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The OP lists three theodicies and wonders if there is a fourth: God had a motive for making evil that we are unaware of that did not compromise his holiness. Evil is the result of the free will of other creatures, but not God. This appears similar to the Augustinian theodicy. Sin is an absence of the good. Some candidates for a fourth might be the ...


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A theodicy implies a kind of questioning of god, & assumption we are fit to judge. So arrogance or hubris are risks. It's notable the Problem of Evil is far more peripheral to Judaism & Islam, where god's unknowability to us is much more strongly emphasised.


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I would say that Alvin Plantinga's free will defense is perhaps the most philosophically rigorous defense that many agree defends the logical possibility of a good God which has created a world with evil. Please see the link for arguments pro/con about his defense. Let's be clear about the argument - it's not just that God always acts good (or is all-good/...


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Wayne P. Pomerleau writes in the Internet Encyclopedia of Philosophy article already referenced in the question: Kant deals with the problem of evil more impressively in his “On the Miscarriage of All Philosophical Trials in Theodicy” (1791). He analyzes possible attempts at theodicy into three approaches: (a) it can argue that what we consider evil ...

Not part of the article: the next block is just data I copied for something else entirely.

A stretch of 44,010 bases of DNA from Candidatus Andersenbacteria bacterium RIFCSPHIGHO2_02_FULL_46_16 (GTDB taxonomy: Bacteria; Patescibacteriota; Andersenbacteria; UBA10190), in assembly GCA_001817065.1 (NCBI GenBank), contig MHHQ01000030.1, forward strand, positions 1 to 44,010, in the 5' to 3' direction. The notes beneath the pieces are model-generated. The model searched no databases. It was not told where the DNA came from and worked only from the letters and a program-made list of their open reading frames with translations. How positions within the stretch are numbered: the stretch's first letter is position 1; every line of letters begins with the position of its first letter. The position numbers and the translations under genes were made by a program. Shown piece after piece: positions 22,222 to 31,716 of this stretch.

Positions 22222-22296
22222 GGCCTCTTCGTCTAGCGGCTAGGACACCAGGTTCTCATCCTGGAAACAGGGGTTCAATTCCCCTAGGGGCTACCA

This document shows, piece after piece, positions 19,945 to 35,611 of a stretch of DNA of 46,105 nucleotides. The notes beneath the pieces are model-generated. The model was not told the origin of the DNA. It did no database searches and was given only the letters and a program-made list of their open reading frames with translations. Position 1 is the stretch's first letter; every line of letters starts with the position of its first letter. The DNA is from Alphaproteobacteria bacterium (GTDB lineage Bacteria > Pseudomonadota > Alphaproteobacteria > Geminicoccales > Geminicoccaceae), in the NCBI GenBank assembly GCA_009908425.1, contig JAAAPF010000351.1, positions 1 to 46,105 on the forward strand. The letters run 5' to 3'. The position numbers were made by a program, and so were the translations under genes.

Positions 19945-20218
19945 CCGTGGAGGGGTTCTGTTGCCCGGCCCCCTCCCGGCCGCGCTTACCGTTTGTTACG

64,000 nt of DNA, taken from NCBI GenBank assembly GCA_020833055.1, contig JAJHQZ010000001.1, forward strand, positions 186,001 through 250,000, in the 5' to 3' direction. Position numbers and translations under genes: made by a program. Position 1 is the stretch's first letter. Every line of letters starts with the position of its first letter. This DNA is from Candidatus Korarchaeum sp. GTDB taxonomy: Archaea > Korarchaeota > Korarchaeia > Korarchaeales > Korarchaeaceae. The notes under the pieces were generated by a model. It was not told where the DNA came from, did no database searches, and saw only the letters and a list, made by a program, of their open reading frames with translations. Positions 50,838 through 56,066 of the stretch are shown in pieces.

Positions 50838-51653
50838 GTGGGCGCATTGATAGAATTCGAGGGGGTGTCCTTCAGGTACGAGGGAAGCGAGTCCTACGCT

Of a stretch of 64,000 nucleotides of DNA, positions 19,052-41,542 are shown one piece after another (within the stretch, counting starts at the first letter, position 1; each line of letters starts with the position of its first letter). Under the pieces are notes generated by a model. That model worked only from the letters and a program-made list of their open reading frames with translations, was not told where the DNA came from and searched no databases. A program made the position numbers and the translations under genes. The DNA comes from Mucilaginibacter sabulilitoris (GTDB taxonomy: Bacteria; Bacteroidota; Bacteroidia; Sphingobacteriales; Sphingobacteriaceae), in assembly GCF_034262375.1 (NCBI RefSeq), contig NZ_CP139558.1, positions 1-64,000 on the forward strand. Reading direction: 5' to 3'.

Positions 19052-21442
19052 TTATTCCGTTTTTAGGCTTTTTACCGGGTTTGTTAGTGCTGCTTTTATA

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It seems to me that Augustine's argument must be rephrased differently. The first part of the argument is aimed at establishing that: whatsoever things are, are good. This means : every substance must "partake" of the Good. In particular, this is so for a corruptible substance, because corruption is deprivation of (some) good. Now, the conclusion is ...


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Evil only exists as a view point of a specific perceiver. It has no objective reality. For example: if a scientist developed a virus that when released killed 90% of humans, we would call that evil. However, from the view of other mammals this would be a good as it would keep many from extinction.


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"A theodicy responds to the problem of evil which objects the existence of God, so it appears that a religious believer should want to devise a theodicy." Thing is, and this, to me, is the most salient point, there are different brands of "God." Different religions. All with slightly different head honchos, revealed truths and moral ...


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Short Answer One very strong interpretation would be that as an altruist experiencing life unencumbered by religious morality, he still has to experience and make sense of why there is suffering in the world and how it relates to his choice to find meaning. In a theological sense, God answers all those questions, but to an existentialist, one must select one'...


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If free will necessarily leads to evil, and God desires good, then you have to find a way to make free will and its potential for evil a method for improved benevolence. One way is to show that an apparent good act of an agent is made good by the fact that the agent chose to do it. In other words, saving someone's life when you had the option not to, makes ...


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